I also use a lubricant on the tire called Ru-Glyde. It makes the job much easier! The tire will slip over the rim easier saving you a lot of time and power. I also heard that a warm tire is a bit more pliable than a cold one, but it was about 50 degrees today and I didn’t feel like putting the tire in the oven! But I finally got the tire on. Woohoo! The most difficult part was fishing for the valve stem!
The next thing I need to do is balance the tire as best I can. I actually didn’t know that the tires have markings on them to show you where to line it up with the valve stem to get it closer to balanced. I might need to break the bead again and shift the tire a bit, then rig up a homemade tire-balancing solution. There is a guide on the f650.com site which seems to work well so I will give that a shot.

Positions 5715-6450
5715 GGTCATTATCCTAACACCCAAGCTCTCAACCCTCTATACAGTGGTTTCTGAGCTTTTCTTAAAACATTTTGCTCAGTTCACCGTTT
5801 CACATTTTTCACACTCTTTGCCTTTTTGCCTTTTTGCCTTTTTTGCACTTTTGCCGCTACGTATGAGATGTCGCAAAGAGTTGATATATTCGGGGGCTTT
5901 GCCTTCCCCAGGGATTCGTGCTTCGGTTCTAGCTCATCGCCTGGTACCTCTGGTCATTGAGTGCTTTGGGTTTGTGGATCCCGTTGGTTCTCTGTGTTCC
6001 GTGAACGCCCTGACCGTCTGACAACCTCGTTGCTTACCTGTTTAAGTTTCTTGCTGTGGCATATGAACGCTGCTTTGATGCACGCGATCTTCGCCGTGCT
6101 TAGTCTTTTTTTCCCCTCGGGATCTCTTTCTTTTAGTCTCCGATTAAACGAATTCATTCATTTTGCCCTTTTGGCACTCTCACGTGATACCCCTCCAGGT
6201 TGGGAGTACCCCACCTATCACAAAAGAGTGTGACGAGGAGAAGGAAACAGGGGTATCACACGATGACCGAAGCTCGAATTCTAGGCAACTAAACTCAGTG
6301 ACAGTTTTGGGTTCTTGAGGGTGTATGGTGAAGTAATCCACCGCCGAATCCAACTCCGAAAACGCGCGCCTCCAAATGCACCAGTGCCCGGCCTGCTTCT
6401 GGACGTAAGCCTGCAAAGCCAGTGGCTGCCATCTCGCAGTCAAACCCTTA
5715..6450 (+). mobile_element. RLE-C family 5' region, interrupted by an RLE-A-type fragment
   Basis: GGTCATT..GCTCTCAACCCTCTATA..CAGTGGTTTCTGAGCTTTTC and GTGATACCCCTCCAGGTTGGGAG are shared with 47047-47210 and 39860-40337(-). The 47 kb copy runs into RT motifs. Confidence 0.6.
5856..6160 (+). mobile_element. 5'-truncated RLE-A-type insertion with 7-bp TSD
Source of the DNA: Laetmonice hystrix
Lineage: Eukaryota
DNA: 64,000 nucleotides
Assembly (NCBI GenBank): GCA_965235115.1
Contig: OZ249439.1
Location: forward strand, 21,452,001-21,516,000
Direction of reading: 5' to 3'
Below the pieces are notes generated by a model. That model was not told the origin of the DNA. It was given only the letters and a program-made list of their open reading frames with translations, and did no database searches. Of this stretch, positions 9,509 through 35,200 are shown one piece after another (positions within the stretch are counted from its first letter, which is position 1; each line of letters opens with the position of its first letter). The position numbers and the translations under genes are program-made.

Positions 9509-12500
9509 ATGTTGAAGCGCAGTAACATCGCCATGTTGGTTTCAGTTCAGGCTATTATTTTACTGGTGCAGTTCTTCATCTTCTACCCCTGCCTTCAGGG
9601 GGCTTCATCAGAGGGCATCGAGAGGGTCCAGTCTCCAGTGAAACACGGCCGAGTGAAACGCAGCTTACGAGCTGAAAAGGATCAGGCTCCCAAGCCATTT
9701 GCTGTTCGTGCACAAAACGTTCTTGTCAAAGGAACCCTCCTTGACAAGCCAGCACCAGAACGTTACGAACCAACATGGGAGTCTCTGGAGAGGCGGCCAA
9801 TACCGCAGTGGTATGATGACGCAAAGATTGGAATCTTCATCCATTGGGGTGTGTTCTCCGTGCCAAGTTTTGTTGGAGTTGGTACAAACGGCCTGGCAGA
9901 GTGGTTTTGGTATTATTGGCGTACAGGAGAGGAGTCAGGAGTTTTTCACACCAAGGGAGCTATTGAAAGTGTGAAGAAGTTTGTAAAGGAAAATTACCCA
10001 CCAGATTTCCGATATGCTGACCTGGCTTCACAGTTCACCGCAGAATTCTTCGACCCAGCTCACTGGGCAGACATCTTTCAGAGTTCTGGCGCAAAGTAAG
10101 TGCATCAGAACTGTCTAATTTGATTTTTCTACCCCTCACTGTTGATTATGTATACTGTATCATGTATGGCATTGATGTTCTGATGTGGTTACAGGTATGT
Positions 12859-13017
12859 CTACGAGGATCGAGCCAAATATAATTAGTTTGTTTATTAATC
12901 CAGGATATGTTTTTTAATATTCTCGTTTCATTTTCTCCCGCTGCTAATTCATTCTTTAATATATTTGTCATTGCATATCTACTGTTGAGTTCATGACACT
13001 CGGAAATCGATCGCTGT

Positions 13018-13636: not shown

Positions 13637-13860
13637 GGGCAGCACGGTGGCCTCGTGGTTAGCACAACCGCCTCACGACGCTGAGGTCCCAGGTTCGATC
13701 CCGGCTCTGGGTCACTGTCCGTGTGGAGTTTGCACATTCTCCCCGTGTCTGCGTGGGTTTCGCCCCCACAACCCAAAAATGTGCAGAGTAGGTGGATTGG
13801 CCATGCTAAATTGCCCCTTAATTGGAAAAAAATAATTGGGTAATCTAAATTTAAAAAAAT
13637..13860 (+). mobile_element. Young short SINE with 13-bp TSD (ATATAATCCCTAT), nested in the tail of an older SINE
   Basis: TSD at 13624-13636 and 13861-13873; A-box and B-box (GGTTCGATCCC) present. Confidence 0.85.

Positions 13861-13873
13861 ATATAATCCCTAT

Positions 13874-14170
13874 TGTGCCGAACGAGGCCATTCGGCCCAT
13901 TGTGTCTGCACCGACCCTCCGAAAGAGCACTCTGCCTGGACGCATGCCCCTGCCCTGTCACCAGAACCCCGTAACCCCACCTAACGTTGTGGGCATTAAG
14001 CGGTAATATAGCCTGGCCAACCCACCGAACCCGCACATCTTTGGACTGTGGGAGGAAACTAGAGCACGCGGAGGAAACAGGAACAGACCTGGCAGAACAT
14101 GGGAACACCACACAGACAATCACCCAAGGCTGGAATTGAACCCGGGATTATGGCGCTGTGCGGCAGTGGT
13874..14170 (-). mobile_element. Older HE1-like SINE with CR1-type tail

I can’t wait to try out the new tires on some dirt. It should be a bit more stable than the Tourances. They won’t last as long as the Metzelers, but I’m expecting to get about 7-8,000 miles out of them which I will be happy with!
I bought a 3/8-inch rod from the hardware store and used it to balance my tire. The BMW wheel has flat (non-tapered) bearings inside which supposedly make using a plain bar possible. Sure enough, it worked great. The tire easily rotated around and it wasn’t difficult to find the heavy spot on the tire, then affix the proper amount of weight on the other side. BTW, I went to CycleGear to buy some weights, but the guy there just gave me a strip of them for free!